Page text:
The current uncertainty surrounding the future of the Kilroot and Ballylumford power stations exposes a serious flaw in the energy security policy for Northern Ireland, and is something that was not foreseen when Northern Ireland signed up to an all-island energy market.
When the Ulster Unionist Party led the first periods of devolution nearly twenty years ago, one of our priority areas was to increase competition in our energy sector and ensure Northern Ireland had adequate reserves of electricity generation available to it.
Accordingly, the then DETI minister Sir Reg Empey (with the support of the Executive) wisely issued a ministerial direction to enable the expansion of the natural gas network to other areas of the province, and in particular to Londonderry to facilitate the operation of a new gas-fired station at Coolkeeragh.
The ministerial direction was required because of opposition from the NI civil service.
Shortly thereafter we encouraged the mutualisation of the Moyle electricity interconnector, and later the gas interconnecter.
These measures assisted in providing alternative generation options for NI customers and started to break the disastrous availability contracts which had been put in place during direct rule and resulted in us having the most expensive electricity in western Europe.
Since then, the entire Northern Ireland transmission and distribution assets have been acquired de facto by the Irish government; a situation which many believe to be anti-competitive and injurious to Northern Ireland.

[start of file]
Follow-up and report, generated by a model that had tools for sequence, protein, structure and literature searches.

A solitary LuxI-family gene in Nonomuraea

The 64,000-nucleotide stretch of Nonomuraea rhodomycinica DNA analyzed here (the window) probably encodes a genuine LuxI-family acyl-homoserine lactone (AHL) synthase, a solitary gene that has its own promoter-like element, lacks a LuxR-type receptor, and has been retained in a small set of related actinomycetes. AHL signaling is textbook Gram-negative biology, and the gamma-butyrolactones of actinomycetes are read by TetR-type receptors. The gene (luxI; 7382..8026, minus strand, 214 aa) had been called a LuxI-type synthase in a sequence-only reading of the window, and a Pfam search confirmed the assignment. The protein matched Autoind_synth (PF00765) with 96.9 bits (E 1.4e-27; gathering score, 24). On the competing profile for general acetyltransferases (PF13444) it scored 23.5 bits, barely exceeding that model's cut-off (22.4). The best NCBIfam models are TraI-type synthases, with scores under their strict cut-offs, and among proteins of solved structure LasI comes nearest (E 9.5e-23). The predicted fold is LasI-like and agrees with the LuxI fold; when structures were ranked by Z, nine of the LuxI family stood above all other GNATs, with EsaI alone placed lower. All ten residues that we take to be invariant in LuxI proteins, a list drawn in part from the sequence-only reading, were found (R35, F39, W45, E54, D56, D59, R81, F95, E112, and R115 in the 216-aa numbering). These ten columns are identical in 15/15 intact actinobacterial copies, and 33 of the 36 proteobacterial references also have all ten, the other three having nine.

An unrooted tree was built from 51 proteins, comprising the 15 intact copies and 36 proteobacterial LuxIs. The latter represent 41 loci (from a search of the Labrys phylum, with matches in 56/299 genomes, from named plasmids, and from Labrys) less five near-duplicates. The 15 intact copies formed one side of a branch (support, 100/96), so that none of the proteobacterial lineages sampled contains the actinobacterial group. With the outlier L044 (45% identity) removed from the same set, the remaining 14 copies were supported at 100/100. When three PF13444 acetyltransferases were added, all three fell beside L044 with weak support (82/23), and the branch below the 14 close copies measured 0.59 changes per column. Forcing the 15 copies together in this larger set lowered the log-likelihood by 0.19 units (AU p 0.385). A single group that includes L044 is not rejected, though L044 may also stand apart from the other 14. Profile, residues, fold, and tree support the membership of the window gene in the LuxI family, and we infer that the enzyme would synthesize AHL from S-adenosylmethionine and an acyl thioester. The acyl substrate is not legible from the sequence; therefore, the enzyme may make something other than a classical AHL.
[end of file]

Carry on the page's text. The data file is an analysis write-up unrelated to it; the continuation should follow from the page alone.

If Kilroot and Ballylumford stations are allowed to flounder, competition will be further depleted and we run the risk of returning to the bad old days of energy insecurity.
Add to this the ridiculous notion of building a new mega power plant on the Belfast harbour estate – the most expensive commercial real estate in Northern Ireland, and the NI consumer will end up paying for new energy infrastructure, new transmission and distribution networks, and the costly decommissioning of two existing power stations which could still have a considerable working life ahead of them.
A key component of energy security is to have a multiplicity of feedstocks.
We have a good wind network now, but wind energy is sporadic and cannot be stored. To depend largely on gas exposes us to the dominance of Russian and middle Eastern suppliers.
Coal power may be unfashionable but it provides us with an alternative that should be retained in the national interest.
Many other European governments have prevented the closure of their coal stations, including the environmentally conscious German government.
We should allow the closure of Kilroot at our peril !
I am pleased to see the DUP MPs acting quickly to initiate a new enquiry into our energy market by the NI Affairs Committee.
This should be accompanied by a pausing of the current bidding process and a moratorium on any planning decision for significant new power stations in Northern Ireland.
As consumers, we have already overpaid for our existing power stations and transmission infrastructure.
We should seize this opportunity to ensure we have not to pay again.
David Campbell, former UUP Chairman, Co Antrim